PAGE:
How often and how long should baby breastfeed?
On demand, right? Most moms know this, but what does it mean? Surely it means to feed whenever baby is hungry? Which you would think would be every 3-4 hours, as is recommended on formula tins.
The truth is that breastfeeding patterns differ from formula feeding patterns. Many mothers stop breastfeeding because they interpret their baby’s perfectly normal feeding patterns to be a sign of baby not getting enough breast milk.
And psst… many formula babies also do not wait this long to feed. Some graze on one bottle for 2-3 hours. Moms just do not worry about it so much as they can see how much milk their baby is drinking at a time. But humans do not have see-through boobs with millilitre marks on them, which probably means that nature did not intend for us to monitor intake in this way.
How often should breast babies feed?
This will differ from baby to baby, but generally you can expect the following:
- On average breast babies will feed 1,5-2 hourly, or around 10 times in 24 hours.
- Some babies may last longer, but it will seldom stretch for longer than 4 hours, and then only now and then after a cluster-feeding session. In fact, it is almost more concerning if a newborn baby sleeps for too long between feeds than if a baby feeds frequently.
- Breast babies may have cluster feeding sessions, where they feed on and off almost constantly for a few hours. See this as eating a meal in courses, from your entrée until your last cappuccino! They usually have a longer stretch after this.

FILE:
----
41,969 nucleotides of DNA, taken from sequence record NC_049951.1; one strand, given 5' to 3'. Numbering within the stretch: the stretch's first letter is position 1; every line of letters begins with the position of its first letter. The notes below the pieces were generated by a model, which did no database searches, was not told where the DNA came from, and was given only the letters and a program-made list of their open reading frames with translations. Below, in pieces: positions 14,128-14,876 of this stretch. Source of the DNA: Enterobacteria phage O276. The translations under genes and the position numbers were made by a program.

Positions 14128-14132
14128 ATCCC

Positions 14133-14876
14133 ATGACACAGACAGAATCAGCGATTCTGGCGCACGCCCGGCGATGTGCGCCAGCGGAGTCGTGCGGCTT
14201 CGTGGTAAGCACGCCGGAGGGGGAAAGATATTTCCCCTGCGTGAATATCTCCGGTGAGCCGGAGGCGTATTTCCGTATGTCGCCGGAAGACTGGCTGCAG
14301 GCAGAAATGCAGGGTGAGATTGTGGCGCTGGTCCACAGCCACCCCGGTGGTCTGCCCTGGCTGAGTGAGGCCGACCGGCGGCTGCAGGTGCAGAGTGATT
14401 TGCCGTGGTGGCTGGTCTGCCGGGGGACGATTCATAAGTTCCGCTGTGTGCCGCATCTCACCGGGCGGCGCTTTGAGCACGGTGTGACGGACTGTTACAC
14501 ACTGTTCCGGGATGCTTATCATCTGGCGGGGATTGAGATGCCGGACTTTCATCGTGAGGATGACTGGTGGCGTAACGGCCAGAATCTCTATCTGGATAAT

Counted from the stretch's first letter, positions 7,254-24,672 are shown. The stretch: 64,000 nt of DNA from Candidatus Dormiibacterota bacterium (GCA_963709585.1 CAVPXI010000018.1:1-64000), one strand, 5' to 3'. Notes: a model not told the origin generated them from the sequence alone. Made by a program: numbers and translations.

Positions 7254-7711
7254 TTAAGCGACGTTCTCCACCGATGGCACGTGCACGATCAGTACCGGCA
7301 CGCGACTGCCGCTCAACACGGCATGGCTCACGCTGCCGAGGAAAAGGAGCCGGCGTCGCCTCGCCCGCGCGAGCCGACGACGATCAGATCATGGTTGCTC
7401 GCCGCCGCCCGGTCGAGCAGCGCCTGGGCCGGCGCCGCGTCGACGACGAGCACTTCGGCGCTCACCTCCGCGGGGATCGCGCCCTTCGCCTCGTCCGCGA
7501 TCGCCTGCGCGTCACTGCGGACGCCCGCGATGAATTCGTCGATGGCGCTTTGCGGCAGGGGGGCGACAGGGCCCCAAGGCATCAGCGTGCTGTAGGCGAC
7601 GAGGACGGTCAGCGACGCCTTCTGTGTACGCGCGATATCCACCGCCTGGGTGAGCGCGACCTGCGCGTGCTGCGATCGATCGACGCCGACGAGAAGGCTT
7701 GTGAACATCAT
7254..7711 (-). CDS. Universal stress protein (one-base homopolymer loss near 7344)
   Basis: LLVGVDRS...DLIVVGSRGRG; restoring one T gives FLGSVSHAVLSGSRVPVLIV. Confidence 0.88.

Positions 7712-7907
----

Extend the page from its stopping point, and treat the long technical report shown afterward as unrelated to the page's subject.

- Babies go through growth spurts, where they feed more frequently. This does not mean your milk is drying up.
- Occasionally a baby really may be on the breast constantly. If this is the case, check in with a lactation consultant to make sure that baby is latching correctly, and that baby is having enough nappies and gaining weight well.
How long should feeding last?
Some babies are power-feeders and get what they need in 10-15 minutes. After a few months of feeding some may even empty the breast in 2-3 minutes.
But then, others are leisurely diners that may take 45-60 minutes to finish a feed. Not all this time will be spent sucking. Sometimes baby just want to be at the boob, which is called ‘non-nutritive sucking’. In layman’s terms, baby is using mom as a dummy and your friends and family sees this as a bad habit. The truth is that it plays an important role in maintaining your milk supply and that there is nothing wrong with providing your baby with comfort and closeness.
If your newborn baby actively sucks for less than 10 minutes before falling asleep it may be a concern.
So how do you know baby is getting enough?
And this is the take-home message.
- Firstly you should look at baby’s output. Baby should have 5-6 wet nappies in 24 hours. And in the first 3-6 weeks of breastfeeding 3-4 poo nappies is an excellent indicator of sufficient intake. After this period many babies only pass a stool every couple of days.
- Baby’s weight gain will give the full picture. Baby should not loose more than 10% of body weight by day 3 and should regain their birth weight by 10-14 days after birth.
- From there onwards a baby’s weight should be plotted on a proper WHO growth chart developed for breastfeeding babies. Many practitioners use growth charts that were not developed for breastfed babies specifically, and these can make it difficult to know if baby’s weight gain is normal.
If your baby’s output and weight is insufficient you should speak to your doctor. Just know that often the solution offered to mom is to start formula top-ups, which is often the beginning of the end of breastfeeding.
There are many measures that can be taken to identify and address the underlying reasons causing your difficulties. For this reason it would be good to see a lactation consultant, so that you make sure you are making the right decisions to safeguard your breastfeeding goals.